Abdera was an ancient Carthaginian and Roman port on a hill above the modern Adra on the southeastern Mediterranean coast of Spain. It was located between Malaca (now Málaga) and Carthago Nova (now Cartagena) in the district inhabited by the Bastuli.
Abdera shares its name with a city in Thrace and another in North Africa. Its coins bore the inscription ʾBDRT (Punic: 𐤀𐤁𐤃𐤓𐤕).[a] The first element in the name appears to be the Punic word for "servant" or "slave"; the second element seems shared by the Phoenician names for Agadir (now Cadiz) and Cythera but of unclear meaning.
The most ancient coins bear its name with the head of Melqart and a tuna. Coins from the time of Tiberius show the town's main temple with two erect tunas as its columns. Early Roman coins were bilingual with Latin inscriptions on one side stating the name of the emperor and the town and with Punic text on the other side simply stating the name of the town.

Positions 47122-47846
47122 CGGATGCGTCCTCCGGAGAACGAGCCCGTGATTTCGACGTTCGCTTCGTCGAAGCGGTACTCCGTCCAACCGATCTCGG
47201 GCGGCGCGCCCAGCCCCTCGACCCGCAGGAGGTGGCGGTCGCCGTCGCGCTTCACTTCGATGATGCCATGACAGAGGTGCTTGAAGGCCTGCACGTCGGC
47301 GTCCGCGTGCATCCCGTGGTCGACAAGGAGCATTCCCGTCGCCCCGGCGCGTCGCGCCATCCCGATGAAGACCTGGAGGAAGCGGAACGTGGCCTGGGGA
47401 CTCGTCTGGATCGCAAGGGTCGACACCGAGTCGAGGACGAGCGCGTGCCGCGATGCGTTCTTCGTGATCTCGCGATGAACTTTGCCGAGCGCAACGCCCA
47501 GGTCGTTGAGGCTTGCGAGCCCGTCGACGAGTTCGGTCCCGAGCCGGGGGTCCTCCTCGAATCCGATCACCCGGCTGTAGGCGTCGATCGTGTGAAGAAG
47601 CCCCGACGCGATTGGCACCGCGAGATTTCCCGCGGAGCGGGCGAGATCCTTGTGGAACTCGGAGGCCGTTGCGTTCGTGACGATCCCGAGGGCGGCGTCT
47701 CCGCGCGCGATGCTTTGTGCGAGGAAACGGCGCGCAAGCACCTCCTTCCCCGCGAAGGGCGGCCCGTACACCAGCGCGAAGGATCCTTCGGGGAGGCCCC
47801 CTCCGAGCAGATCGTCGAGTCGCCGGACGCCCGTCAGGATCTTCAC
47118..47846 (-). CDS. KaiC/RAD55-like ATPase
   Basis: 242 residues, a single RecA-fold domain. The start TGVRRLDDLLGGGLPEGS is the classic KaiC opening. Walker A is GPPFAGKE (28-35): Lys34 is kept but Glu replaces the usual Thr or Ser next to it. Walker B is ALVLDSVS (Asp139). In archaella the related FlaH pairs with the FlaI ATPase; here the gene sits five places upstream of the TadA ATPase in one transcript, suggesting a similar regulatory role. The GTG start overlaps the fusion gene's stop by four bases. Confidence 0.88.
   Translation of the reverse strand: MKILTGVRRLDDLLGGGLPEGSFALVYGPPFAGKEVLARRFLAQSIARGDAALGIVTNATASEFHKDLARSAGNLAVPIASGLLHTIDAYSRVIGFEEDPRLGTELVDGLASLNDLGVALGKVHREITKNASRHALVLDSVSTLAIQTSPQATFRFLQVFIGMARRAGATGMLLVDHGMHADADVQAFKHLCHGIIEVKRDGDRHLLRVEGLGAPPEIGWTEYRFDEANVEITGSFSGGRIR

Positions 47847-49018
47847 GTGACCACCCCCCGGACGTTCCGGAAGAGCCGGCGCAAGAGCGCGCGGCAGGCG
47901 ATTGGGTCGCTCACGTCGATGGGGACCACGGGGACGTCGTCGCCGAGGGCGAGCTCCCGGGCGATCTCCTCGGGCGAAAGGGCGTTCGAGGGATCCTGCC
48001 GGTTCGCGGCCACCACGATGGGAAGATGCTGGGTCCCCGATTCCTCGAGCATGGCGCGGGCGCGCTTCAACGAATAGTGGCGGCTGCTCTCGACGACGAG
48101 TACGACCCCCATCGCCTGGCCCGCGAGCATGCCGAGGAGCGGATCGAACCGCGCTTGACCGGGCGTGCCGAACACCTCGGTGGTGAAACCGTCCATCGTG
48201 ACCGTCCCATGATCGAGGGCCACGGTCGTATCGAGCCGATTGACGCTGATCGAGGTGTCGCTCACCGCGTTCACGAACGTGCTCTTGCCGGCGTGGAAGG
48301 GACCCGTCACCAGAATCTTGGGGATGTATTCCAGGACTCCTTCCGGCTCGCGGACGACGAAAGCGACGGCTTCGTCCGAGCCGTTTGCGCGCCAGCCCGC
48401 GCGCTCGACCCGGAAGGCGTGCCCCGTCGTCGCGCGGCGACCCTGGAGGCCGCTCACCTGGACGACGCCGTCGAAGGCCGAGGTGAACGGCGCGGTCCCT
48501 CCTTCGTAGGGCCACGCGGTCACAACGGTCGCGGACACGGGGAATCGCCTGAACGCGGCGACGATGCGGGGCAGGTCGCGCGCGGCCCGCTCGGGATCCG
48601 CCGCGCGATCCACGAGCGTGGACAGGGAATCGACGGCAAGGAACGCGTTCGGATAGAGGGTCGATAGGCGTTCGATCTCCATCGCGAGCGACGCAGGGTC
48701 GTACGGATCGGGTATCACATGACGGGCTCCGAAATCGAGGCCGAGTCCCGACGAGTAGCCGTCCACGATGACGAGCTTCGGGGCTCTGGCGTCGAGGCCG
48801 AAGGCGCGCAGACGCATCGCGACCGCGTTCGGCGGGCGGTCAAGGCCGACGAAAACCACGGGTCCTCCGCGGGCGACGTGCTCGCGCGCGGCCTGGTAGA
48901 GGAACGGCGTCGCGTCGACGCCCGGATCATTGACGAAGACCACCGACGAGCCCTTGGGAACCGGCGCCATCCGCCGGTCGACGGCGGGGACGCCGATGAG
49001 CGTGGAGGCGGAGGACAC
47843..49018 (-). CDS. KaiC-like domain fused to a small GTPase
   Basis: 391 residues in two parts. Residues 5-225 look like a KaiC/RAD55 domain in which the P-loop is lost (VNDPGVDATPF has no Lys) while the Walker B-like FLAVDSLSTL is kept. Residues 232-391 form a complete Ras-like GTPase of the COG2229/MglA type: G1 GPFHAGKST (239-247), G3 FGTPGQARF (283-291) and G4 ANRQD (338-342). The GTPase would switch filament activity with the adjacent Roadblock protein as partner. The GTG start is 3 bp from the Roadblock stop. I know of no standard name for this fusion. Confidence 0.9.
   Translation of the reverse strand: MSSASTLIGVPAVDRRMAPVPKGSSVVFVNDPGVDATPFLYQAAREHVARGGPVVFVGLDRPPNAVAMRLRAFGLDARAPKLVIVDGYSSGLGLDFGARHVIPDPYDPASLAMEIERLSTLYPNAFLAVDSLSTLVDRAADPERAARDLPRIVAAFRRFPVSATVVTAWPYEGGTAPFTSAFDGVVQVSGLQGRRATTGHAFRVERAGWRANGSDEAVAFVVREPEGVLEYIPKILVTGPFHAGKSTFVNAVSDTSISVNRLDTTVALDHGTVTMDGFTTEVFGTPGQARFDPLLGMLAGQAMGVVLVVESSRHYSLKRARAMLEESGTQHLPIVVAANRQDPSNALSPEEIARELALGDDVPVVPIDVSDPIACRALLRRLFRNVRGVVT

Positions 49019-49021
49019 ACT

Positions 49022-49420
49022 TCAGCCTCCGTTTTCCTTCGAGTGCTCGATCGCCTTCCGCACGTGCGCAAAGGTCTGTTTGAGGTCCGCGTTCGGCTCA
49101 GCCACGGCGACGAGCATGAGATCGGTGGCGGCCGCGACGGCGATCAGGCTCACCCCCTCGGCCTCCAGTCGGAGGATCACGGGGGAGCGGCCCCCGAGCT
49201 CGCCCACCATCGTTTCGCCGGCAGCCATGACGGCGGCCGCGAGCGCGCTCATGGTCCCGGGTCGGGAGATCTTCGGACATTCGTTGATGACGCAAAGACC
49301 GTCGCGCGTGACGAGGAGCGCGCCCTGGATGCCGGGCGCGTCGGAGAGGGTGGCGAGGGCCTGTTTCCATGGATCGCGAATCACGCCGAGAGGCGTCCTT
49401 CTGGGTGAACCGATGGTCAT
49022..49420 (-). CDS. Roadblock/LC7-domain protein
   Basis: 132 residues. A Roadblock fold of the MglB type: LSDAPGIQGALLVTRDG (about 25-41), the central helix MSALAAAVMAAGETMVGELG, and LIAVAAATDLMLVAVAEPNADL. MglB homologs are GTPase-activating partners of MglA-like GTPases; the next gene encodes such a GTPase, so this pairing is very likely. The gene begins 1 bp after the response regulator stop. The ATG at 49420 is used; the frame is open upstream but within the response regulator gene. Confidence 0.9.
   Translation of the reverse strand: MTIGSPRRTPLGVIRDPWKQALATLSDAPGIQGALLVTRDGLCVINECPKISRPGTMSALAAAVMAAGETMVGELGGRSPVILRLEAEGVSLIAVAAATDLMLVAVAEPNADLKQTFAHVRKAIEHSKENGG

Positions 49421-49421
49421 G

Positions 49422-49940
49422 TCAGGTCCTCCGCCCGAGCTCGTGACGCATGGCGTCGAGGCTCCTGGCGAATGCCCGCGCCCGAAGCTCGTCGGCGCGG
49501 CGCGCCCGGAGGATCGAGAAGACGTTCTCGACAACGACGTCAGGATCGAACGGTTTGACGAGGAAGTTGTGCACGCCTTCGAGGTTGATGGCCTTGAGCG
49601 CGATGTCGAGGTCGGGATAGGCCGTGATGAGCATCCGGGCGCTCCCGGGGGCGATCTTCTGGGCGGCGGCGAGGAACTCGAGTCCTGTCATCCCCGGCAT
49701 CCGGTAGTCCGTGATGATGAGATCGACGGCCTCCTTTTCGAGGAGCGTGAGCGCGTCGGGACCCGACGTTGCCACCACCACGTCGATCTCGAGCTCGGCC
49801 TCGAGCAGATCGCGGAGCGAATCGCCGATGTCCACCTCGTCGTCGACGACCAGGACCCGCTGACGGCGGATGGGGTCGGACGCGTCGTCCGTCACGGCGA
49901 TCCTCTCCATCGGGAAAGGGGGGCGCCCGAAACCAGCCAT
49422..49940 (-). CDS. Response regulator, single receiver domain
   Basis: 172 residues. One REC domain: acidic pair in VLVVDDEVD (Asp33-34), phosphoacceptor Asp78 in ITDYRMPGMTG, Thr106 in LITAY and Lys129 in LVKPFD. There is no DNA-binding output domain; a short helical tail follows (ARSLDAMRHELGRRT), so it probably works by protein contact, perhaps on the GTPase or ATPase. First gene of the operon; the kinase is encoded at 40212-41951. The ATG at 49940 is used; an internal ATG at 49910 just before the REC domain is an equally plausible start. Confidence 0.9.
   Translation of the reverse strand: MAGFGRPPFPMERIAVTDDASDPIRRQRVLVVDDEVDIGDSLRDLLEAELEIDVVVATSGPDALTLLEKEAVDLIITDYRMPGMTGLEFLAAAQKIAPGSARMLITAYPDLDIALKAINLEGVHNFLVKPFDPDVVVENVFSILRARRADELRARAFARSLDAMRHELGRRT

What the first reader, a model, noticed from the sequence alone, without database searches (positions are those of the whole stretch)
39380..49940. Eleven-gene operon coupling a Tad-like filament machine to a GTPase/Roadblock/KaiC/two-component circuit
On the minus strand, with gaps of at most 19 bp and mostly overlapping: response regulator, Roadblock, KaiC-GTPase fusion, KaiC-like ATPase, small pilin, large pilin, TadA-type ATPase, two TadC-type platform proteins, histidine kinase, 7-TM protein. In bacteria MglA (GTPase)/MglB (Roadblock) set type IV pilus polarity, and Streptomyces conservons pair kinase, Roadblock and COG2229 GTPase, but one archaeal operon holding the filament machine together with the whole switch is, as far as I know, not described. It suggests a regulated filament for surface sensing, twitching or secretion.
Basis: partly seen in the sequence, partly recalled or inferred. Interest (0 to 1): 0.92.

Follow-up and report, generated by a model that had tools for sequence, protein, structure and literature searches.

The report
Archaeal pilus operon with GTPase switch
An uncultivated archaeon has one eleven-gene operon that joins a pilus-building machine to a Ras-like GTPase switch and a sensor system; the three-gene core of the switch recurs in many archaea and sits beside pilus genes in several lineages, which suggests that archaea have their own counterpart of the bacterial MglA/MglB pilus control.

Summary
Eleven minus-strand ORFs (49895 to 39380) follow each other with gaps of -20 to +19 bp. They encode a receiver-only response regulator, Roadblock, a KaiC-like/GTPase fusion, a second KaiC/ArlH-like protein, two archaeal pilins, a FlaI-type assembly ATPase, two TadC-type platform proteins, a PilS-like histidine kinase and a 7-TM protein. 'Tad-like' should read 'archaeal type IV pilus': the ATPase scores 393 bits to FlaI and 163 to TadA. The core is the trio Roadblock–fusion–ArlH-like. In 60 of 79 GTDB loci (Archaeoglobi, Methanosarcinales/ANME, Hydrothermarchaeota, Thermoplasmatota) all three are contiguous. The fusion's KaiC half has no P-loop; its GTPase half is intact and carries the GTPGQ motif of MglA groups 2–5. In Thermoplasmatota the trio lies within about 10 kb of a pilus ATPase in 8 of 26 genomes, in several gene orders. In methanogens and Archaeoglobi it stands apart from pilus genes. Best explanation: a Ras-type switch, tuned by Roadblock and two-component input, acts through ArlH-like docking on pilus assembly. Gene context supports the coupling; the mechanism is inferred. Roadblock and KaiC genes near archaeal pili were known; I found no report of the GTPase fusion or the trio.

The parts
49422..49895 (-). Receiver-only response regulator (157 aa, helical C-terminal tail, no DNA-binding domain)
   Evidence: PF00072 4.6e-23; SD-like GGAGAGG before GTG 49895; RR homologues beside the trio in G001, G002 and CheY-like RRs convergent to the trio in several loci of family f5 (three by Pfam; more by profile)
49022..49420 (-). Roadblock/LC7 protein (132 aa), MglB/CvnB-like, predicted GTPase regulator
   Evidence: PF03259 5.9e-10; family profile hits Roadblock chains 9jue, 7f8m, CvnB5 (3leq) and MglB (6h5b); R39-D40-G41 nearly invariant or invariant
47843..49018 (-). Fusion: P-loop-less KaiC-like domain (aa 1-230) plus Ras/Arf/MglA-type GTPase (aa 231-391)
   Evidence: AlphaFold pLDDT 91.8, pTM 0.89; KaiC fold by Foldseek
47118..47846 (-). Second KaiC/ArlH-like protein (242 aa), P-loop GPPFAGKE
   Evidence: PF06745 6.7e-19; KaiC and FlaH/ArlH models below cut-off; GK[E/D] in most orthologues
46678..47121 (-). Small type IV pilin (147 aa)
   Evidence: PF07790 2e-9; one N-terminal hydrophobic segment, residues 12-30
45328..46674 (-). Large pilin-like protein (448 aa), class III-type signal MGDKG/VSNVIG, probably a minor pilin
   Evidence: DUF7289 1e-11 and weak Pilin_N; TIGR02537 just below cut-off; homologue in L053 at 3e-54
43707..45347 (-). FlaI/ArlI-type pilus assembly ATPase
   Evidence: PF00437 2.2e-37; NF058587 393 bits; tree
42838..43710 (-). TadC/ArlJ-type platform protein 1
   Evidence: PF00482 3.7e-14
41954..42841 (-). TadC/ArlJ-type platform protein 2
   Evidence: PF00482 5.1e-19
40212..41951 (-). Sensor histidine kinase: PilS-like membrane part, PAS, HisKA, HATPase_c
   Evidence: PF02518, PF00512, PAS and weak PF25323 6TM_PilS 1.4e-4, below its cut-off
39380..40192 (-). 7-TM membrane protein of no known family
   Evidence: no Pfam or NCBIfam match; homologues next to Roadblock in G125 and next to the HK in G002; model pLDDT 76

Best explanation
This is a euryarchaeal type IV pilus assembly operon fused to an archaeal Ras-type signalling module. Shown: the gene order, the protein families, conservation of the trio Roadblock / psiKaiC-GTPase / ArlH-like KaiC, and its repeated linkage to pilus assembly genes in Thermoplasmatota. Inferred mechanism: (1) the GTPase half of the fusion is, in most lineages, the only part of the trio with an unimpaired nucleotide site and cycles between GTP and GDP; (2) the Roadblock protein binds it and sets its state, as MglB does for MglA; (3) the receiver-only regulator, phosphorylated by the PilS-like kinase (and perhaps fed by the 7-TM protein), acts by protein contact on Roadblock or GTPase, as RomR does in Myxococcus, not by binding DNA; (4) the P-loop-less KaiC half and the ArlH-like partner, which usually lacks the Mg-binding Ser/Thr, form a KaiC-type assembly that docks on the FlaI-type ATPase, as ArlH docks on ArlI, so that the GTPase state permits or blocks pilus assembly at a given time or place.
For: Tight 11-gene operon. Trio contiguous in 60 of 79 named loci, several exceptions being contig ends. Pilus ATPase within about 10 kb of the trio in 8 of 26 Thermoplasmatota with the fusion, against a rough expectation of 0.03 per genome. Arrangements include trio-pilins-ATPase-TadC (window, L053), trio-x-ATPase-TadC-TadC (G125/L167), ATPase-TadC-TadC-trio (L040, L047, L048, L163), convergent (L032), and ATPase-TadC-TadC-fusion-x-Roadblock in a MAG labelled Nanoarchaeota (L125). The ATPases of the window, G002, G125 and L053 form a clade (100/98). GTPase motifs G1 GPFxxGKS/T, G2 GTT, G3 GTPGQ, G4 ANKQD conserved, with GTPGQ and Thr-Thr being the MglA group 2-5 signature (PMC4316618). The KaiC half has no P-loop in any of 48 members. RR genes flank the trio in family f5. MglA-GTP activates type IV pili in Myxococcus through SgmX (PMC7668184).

- Graham, A.J. (1992), "Abdera and Teos", The Journal of Hellenic Studies, Vol. CXII, Society for the Promotion of Hellenic Studies, pp. 44–73, doi:10.2307/632152, JSTOR 632152.